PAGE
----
Artigo em Inglês | MEDLINE | ID: mdl-31868690

RESUMO

BACKGROUND: Contemporary goals of rehabilitation after traumatic brain injury (TBI) aim to improve cognitive and motor function by applying concepts of neuroplasticity. This can be challenging to carry out in TBI patients with motor, balance, and cognitive impairments. OBJECTIVE: To determine whether use of dynamic body-weight support (DBWS) would allow safe administration of intensive motor therapy during inpatient rehabilitation and whether its use would yield greater improvement in functional recovery than standard-of-care (SOC) therapy in adults with TBI. METHODS: Data in this retrospective cohort study was collected from patients with TBI who receive inpatient rehabilitation incorporating DBWS (n = 6) and who received inpatient rehabilitation without DBWS (SOC, n = 6). The primary outcome measure was the change in Functional Independence Measures (FIM) scores from admission to discharge. RESULTS: There was significant improvement in total FIM scores at discharge compared to admission for both the DBWS (p = 0.001) and SOC (p = 0.005) groups. Overall, the DBWS group had greater improvement in total FIM score and FIM subscales compared to the SOC group. CONCLUSIONS: Our results suggest DBWS has the potential to allow a greater intensity of therapy during inpatient rehabilitation and yield better outcomes compared to SOC in patients with TBI.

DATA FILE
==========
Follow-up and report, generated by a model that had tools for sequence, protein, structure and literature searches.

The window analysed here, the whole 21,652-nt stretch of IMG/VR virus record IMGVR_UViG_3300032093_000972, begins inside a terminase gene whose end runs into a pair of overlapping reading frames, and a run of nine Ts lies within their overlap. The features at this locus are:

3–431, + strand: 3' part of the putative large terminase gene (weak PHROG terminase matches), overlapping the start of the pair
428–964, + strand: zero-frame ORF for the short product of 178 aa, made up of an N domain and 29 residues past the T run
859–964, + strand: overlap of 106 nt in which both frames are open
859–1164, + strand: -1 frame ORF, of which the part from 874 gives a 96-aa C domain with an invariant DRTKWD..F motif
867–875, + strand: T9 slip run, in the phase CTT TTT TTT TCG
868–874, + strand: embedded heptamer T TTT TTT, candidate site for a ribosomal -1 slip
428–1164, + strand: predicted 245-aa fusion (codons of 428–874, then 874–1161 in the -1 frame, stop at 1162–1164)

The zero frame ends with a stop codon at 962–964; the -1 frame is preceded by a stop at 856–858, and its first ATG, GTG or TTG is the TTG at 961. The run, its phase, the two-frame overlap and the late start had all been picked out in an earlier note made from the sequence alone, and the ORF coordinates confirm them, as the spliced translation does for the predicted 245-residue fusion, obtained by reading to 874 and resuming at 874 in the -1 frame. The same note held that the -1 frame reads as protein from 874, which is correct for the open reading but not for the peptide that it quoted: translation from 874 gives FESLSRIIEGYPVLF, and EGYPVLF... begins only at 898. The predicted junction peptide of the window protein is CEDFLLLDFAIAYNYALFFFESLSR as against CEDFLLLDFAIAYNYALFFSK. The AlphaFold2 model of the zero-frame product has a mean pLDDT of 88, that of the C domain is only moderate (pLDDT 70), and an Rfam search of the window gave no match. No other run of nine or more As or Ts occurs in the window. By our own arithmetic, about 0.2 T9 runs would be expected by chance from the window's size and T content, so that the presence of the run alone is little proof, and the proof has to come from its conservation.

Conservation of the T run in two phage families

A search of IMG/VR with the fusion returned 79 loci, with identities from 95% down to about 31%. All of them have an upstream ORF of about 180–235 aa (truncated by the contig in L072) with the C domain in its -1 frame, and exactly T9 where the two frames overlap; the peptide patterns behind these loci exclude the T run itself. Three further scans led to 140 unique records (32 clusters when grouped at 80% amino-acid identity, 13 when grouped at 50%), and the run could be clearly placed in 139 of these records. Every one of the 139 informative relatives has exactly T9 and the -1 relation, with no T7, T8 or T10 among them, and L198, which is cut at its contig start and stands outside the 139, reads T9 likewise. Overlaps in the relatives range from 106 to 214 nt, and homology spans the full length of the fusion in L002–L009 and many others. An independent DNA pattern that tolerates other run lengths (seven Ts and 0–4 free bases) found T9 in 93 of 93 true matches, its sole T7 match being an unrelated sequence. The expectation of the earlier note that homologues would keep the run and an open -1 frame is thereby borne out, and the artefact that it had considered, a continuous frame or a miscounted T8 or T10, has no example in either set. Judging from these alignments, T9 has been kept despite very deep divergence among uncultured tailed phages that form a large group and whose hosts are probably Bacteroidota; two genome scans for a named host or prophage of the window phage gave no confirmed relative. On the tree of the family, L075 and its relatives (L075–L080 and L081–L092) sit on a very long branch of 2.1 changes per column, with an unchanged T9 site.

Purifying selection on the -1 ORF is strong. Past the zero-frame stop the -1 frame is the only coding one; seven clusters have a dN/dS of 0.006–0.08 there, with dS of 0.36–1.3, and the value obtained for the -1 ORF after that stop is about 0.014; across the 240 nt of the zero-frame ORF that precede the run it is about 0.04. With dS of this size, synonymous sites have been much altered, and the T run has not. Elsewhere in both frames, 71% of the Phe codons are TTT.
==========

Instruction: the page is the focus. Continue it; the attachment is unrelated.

Assuntos
Lesões Encefálicas Traumáticas/reabilitação , Vida Independente/normas , Reabilitação Neurológica/métodos , Aparelhos Ortopédicos , Adulto , Feminino , Humanos , Pacientes Internados/estatística & dados numéricos , Masculino , Pessoa de Meia-Idade , Movimento , Reabilitação Neurológica/instrumentação , Alta do Paciente/estatística & dados numéricos , Recuperação de Função Fisiológica
4.
NeuroRehabilitation ; 45(2): 285-290, 2019.
Artigo em Inglês | MEDLINE | ID: mdl-31498141

RESUMO